Theoretical background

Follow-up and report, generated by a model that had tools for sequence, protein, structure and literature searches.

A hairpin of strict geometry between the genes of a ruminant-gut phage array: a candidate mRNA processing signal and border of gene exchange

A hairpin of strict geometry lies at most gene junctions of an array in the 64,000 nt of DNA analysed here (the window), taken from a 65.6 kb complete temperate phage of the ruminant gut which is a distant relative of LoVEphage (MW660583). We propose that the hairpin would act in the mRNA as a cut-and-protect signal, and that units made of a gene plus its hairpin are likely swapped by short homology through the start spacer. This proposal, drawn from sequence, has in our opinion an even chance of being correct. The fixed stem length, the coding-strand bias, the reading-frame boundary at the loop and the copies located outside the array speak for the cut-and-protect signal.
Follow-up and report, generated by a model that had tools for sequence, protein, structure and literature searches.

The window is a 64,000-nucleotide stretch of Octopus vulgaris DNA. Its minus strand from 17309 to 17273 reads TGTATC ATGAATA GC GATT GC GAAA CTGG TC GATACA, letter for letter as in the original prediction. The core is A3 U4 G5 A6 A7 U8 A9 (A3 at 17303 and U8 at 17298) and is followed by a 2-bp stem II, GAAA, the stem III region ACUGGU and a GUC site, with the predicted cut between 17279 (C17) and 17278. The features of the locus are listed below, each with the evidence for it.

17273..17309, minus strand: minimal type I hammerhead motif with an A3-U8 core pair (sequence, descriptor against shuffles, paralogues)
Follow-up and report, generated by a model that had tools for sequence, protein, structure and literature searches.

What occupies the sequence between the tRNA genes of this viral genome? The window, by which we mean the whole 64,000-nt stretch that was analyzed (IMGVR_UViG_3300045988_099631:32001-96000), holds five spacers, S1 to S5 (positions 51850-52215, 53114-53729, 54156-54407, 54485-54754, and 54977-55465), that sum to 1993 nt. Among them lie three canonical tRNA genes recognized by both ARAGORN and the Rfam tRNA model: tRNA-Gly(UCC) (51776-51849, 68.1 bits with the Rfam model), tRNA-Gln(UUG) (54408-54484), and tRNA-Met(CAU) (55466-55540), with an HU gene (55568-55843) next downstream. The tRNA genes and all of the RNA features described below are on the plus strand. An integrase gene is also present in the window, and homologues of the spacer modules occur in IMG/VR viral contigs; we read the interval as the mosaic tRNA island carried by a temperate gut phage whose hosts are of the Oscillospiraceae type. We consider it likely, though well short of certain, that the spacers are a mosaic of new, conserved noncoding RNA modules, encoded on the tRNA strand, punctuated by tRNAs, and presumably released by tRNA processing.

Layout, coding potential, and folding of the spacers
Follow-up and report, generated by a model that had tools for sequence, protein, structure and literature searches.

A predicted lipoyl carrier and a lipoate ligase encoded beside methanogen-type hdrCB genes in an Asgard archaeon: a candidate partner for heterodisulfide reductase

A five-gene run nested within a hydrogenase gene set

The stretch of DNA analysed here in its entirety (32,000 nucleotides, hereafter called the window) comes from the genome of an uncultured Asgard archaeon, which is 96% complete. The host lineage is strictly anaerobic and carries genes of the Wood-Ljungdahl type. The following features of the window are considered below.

In an organization, factors can have an independent, substitutive or complementary relationship (Parmigiani and Mitchell, 2009). An independent relationship occurs when a change in one factor does not affect the value of another factor. A substitution relationship exists when a change in one factor diminishes the value of another factor. A complementarity relationship emerges when a change in one factor increases the value of another factor. In this study, we use the complementarity theory (Milgrom and Roberts, 1990; 1995) which states that, in order to increase productivity, there is a need to allocate a number of factors in a system in a particular manner so that each factor enlarges the value of another factor. The complementarity theory has two investigative approaches (Ennen and Richter, 2010). The main distinctive feature between these two approaches is that while the interactive approach studies the nature of the factors which potentially are complementary, the systems approach explores effects of the entire system of multiple factors on productivity. In our research, we take the systems approach of the complementarity theory and study the impact of complementarity set-ups on individual productivity in a situation where a more aligned with the work process IT system is introduced and used in a company. An aligned IT system is defined as that which offers information and information-processing functionality that is adjusted and tuned to support specific work activities within a specific kind of work process.